The truth about Mothers' Day as a single mum.

Debating how much “me-time” you deserve on Mother’s Day? Remember that for some mums, that isn’t even an option.

What do you wake up to on Mother’s Day?

Brightly wrapped gifts presented to you? Breakfast in bed loving prepared by your partner and presented by your kids complete with a wilted rose in a teacup?

5 conversations you need to have with you mum as soon as you can. 

Do you pretend to be thrilled by the dressing gown and slippers while silently seething at the memory of when your husband bought his mother a similar style?

(And wrapped in the same paper too!)

Have you been joining in the chorus of voices in Facebook mother’s groups complaining about how all you want for Mother’s Day is some “me-time” (and a decent present to boot).

Shauna and her Daughter.

I get it, I do. Mother’s Day is the one special day of the year when it is YOUR day, when nobody else should get a look in. You deserve to be pampered and appreciated. Spoilt. You deserve a special day.

Except, for many women, it isn’t special.

For many mums, Mothers’ Day is pretty much just another day. They get up, they tend to the kids, they just have a day.

A day that many secretly wish might just be a little more special, but when there is no one around to make it special it becomes just another day of getting on with it.

Throughout Australia there are 780,000 single mothers. Some of them, of course, have older children, some have new partners, or live in adult family, and some have ex-partners who are thoughtful and kind.

And then there are the ones who don’t. Then there are the ones who have escaped an abusive relationship. The ones who wake up in a sweat forgetting for an instant they are safe. The ones abandoned, alone.

The ones who get no breakfast in bed. The ones who get no gifts. The ones who get no “me time”.

Their kids can’t cook, can’t shop and certainly can’t leave.

These women have children too small to really understand that it is a special day. They’ve been told by their pre-school that it’s Mothers’ Day but that it stopped there.


There may have been a pasta necklace or a paper rose but the brightly filled catalogues from department stores of coffee machines and perfumes are nothing but lining for the cat litter.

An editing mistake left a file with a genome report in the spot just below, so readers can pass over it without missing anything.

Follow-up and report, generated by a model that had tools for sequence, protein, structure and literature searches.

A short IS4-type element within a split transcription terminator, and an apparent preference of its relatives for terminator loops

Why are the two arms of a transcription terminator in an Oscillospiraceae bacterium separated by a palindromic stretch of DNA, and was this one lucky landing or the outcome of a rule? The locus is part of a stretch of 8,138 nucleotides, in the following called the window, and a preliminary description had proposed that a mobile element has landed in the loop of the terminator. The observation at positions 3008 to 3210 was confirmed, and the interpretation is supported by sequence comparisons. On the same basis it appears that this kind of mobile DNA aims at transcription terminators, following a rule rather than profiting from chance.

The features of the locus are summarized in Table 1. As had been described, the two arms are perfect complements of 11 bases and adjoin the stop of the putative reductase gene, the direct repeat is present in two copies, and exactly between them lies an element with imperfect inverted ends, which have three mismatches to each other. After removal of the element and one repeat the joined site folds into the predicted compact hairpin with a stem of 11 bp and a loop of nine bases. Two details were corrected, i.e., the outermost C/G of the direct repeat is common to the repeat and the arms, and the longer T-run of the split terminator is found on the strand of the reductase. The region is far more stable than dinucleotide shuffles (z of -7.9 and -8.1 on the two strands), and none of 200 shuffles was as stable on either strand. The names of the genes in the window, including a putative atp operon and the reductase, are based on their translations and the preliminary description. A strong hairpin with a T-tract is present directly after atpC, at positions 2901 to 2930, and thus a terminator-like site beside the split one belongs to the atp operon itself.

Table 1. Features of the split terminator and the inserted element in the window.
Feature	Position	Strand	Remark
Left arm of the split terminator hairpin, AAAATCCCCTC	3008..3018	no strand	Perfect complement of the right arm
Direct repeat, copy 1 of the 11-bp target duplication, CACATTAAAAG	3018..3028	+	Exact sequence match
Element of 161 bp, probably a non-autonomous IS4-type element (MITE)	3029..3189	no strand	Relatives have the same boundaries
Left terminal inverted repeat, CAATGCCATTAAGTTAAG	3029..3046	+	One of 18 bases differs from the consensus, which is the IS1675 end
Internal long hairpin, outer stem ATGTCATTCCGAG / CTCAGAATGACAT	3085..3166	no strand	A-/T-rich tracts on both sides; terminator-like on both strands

Shauna and her family at home.

For these women, Mothers’ Day is pretty much like any other day except they have to answer endless questions about whether they’ve been “spoilt” that day.

I’ve been there. I’ve had Mothers’ Days when you almost forget it isn’t just a regular old Sunday in May. I’ve had Mothers’ Days when the kids squabble and the rain crashes down and your Facebook news feed is a constant reminder of what you don’t have.

And then you remember what you do have.

What I am here to say to single mums is that right now you might not feel it, and while you might be dreading this Sunday know that you are lucky. Know that while you may not have the shiny gifts or hallmark cards – but you have your kids, and that’s what it’s all about isn’t it?

You are actually a lucky single mum. Lucky because you can hold them close and breathe in their scent and close your eyes and think: I. Have. This.

Lucky because you can rejoice in the fact that you are together and that you have this day.  That your children are safe and happy and cherished by so many.

The lucky single mum can ignore the Facebook posters who reduce the day into a competition of what they DID get, and how much time alone they DIDN’T get. The lucky single mum can rise above that, because what Mothers’ Day is really about is simply just your kids, isn’t it?

Shauna with her beautiful boys.

Of course we have to acknowledge that not all mothers with partners ARE spoilt on Mothers’ Day.

Some have partners who work, or travel, some have children sick or in hospital. Some may be dealing with their own grief or loss and find Mothers’ Day too difficult, too raw, too close.

For these women, Mothers’ Day isn’t a celebration but an event they would rather push aside.

This Mothers’ Day, I want to ask the lucky ones among us to stop and hold our happy healthy wonderful children tight and remember luck. All mothers truly are the lucky ones.

Here are some other ways to help out Mums not so fortunate on Mother’s Day:

Breast Cancer Institute Mother’s Day appeal

World Vision Mother’s Day appeal

Dame Elizabeth Murdoch Rose’s Mother’s Day appeal